The Accused (1949)

the accused

If you are growing tired of #31Daysof Horror then feel some relief in knowing that #NoirVember is coming in just a few short weeks. That’s when I’ll be talking about a lot of film noirs. But until then you can enjoy my review of The Accused, a rather good film-noiresque drama starring the always wonderful Loretta Young. You can read my review here.

Breakheart Pass (1975)

breakheart pass

I very much like Agatha Christie-style murder mysteries. I have recently come to love westerns. I’ve always dug a good movie set on a train. I ought to have been a fan of Breakheart Pass, a murder mystery/western set on a train starring Charles Bronson. Sadly, I found it a rather tepid affair. You can read my review here.

The Cheat (1931)

the cheat bluray

Not all classic films are true “classics” if you catch my meaning. Case in point is this Tallulah Bankhead film which is rather dull to watch. It does have some great Pre-Code moments – sexual innuendo, human branding and attempted rape – but that still can’t save it from being an utter bore. Here’s my full review.

Torch Singer (1933)

torch singer

One of the challenges you face when watching old movies is butting heads with some of its outdated morals. I always find it tough to watch films that portray the slave-owning confederates as heroes. Torch Singer doesn’t have any of that, in fact, it is fairly progressive in its point of view, but I still wrestle with how best to watch it in my review.

Counterpoint (1968)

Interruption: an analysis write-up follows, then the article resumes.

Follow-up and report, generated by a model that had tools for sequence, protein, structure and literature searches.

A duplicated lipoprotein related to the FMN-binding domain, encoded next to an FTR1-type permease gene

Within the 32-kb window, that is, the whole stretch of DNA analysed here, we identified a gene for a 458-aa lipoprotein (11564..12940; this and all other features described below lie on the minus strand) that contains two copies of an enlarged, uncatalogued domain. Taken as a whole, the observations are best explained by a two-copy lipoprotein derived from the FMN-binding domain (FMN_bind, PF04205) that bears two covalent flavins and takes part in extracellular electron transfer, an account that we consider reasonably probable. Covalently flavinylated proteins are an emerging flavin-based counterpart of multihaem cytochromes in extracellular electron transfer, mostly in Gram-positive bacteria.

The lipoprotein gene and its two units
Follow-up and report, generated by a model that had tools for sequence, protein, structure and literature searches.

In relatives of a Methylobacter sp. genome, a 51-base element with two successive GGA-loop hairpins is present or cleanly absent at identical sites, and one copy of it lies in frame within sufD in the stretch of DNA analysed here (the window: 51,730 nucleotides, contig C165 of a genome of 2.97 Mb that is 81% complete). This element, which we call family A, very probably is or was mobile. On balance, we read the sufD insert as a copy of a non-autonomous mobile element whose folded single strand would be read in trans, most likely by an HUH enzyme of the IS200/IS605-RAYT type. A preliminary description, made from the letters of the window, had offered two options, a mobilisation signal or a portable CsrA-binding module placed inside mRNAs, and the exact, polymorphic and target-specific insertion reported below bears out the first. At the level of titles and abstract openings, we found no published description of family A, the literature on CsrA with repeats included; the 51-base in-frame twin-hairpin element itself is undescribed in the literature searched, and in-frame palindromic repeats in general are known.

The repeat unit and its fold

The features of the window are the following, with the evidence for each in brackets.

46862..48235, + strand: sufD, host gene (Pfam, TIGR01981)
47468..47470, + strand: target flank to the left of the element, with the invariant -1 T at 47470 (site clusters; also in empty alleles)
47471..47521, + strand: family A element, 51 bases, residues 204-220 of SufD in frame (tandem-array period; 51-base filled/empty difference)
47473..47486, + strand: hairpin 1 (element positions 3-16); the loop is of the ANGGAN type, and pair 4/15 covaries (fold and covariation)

counterpoint blu-ray

There are a lot of boutique labels putting out all sorts of movies on Blu-ray these days. All the recent blockbusters get releases, of course, and the certified classics. Companies like Arrow Video and Severin and releasing cult films and old schlock horror movies. Kino Lorber continues to do a magnificent job of releasing what I like to call Almost Classics. These were mainstream movies with A-list directors or actors that were aiming for greatness and somehow fell short. They usually aren’t bad, sometimes they’re even quite good, but for one reason or another they never quite attained classic status.

I’ve reviewed quite a few of these over the years and Counterpoint is one such example. It stars Charlton Heston and Maximillian Schell and has an interesting WWII era plot. But it has largely been forgotten and with good reason, as it isn’t really very good. Anyway, you can read my full review here.

Film Noir: The Dark Side of Cinema VIII

film noir

Beyond horror, I am a huge fan of film noir. That’s a particular type of crime drama was made in Hollywood in the 1940s and 1950s. They use expressionistic black and white photography, a dark, cynical point of view, and usually a hard-boiled detective and a beautiful femme fatale.

Kino Lorber has been regularly putting out nice boxed sets of film noir featuring lesser-known titles in the genre. I recently reviewed one of those sets for Cinema Sentries and you can read it here.